ONS: Share of UK population aged 65+ has increased 21% since 2005

David Kingman looks at the latest population estimates from the ONSFunny elderly woman wearing cap in a fight pose.

The share of the UK’s population aged over 65 has risen by 21% during the last decade, reaching a total of 11.6 million last year, according to the Office for National Statistics (ONS). Now that Britain has voted for Brexit, is further ageing inevitable?

Big increases

These estimates – which attempt to measure how big the UK’s population was in mid-2015 – show that the overall number of people in the country has kept growing in line with typical increases during the past decade. The total population is now 65.1 million, following a rise of just over 513,000 since mid-2014 (0.8%).

The ONS puts this growth down to three significant factors: “natural increase” (the combined surplus of births over deaths), which added 171,800 people; net international migration of 335,600 (which rose because immigration was higher last year than it had been the year before and emigration was lower); and an increase of 5,800 people which was largely explained by the closure of overseas military bases and the consequent redeployment of armed services personnel to Britain.

The dramatic rise in the number of elderly people has continued to reshape Britain’s population profile. As mentioned above, the number of over-65s has risen by 21% in the last decade; even more dramatically, the number of over-85s increased by almost a third (31%) during the same period. Much of this increase has been due to rapidly improving life expectancy among older men, as the number of men aged over 85 has risen by 54% during the past decade (compared to a rise of just 21% among women).

What will Brexit do?

These statistics have taken on a new significance since the UK voted for Brexit in its recent referendum. It seems inevitable that leaving the EU will have very significant ramifications for Britain’s demography, although it isn’t clear exactly what form they will take yet.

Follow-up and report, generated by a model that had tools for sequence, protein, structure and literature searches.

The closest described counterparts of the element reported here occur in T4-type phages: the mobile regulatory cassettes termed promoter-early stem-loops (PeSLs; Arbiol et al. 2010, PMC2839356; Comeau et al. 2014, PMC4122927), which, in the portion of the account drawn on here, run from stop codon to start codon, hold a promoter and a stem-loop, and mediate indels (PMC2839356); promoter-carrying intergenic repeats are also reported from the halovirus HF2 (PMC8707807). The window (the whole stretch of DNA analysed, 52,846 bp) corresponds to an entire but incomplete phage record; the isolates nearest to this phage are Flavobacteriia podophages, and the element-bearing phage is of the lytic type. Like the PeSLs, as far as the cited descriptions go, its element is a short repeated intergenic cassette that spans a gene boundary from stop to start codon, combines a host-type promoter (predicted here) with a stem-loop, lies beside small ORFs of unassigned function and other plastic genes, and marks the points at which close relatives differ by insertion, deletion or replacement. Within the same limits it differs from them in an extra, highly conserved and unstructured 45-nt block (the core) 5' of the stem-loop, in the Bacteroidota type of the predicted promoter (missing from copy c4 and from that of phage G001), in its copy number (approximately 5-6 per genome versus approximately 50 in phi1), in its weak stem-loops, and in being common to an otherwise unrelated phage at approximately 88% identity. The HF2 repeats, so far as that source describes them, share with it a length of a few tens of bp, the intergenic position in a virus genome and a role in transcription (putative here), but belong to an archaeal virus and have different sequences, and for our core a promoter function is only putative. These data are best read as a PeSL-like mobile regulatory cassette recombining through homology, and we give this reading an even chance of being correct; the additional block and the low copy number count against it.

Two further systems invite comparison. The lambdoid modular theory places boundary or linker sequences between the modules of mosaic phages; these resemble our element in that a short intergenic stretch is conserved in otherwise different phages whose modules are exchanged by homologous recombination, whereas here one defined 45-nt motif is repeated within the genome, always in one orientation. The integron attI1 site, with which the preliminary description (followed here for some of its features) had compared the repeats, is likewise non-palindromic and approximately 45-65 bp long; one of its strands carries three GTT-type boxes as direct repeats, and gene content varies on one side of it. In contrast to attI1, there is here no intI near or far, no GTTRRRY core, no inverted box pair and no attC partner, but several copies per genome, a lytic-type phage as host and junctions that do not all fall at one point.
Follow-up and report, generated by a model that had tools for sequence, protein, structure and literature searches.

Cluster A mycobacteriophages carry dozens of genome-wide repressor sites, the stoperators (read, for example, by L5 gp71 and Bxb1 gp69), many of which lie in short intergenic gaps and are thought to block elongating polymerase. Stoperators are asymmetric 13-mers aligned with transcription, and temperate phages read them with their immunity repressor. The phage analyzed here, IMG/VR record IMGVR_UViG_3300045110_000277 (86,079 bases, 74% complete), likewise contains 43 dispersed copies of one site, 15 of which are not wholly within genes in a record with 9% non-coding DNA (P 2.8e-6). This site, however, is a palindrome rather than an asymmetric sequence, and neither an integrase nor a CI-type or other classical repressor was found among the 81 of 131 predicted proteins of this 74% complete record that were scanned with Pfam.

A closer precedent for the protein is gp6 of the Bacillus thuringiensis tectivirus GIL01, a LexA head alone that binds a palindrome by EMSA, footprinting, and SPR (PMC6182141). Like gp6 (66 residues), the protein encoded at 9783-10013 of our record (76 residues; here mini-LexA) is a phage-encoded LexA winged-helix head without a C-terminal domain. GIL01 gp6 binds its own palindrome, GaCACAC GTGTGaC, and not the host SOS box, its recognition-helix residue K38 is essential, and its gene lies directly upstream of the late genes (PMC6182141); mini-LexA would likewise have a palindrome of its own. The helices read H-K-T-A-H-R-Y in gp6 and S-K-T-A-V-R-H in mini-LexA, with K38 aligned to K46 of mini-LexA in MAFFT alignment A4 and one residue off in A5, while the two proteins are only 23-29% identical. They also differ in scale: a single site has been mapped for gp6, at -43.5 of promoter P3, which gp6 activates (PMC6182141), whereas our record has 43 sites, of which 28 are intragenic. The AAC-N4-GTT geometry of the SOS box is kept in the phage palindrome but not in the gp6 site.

Given that the free movement of labour was a totemic issue for Vote Leave campaigners, it is very difficult to imagine that the UK government will be able to settle for a post-Brexit relationship with the EU under which immigration is as high as it is currently (whatever the benefit or drawbacks of such a scenario would be). Therefore, immigration will almost certainly fall in the future.

Brexit will also have important ramifications for the 1.3 million or so UK citizens who currently live in other EU countries – from an intergenerational fairness point of view, the significant fact is that, broadly speaking, under current arrangements the UK imports young workers from other EU states and exports expats who tend to be older, especially retirees seeking sunnier climes in France and Spain. Therefore, any scenario in which immigration falls and some of our emigrants return is likely to worsen the dependency ratio, and, all things being equal, could well put more of a burden on the NHS.

The potential impact of a Brexit on Britain’s economy would also affect the country’s demography in other important ways. For example, if the gloomy predictions that Britain will suffer a post-Brexit recession should come to pass then you would expect there to be less immigration from outside the EU as well, as the country would presumably look less attractive to upwardly mobile young workers from the wider world. Another recession might also encourage more young Brits to head for faster growing countries such as America and Australia, although there is an argument that in certain sectors of the economy having fewer immigrants might create new opportunities for young British workers.

One of the other big questions which Brexit raises about the UK’s future demography concerns the differences between the individual Home Nations. Were Scotland to go its own way following a second independence referendum then that would do something to rebalance the size of different generations in the rump of the UK, as Scotland’s population profile is ageing more quickly than England’s. However, any moves towards independence in Northern Ireland, which also voted overwhelmingly to remain in the UK (admittedly a less likely scenario) would have the opposite effect, as Northern Ireland has the most youthful population of any UK region.

Overall, Britain’s population never stands still – it will keep changing whatever happens. But now that we’ve voted for Brexit, another period of especially rapid demographic transformation looks likely to be on the cards.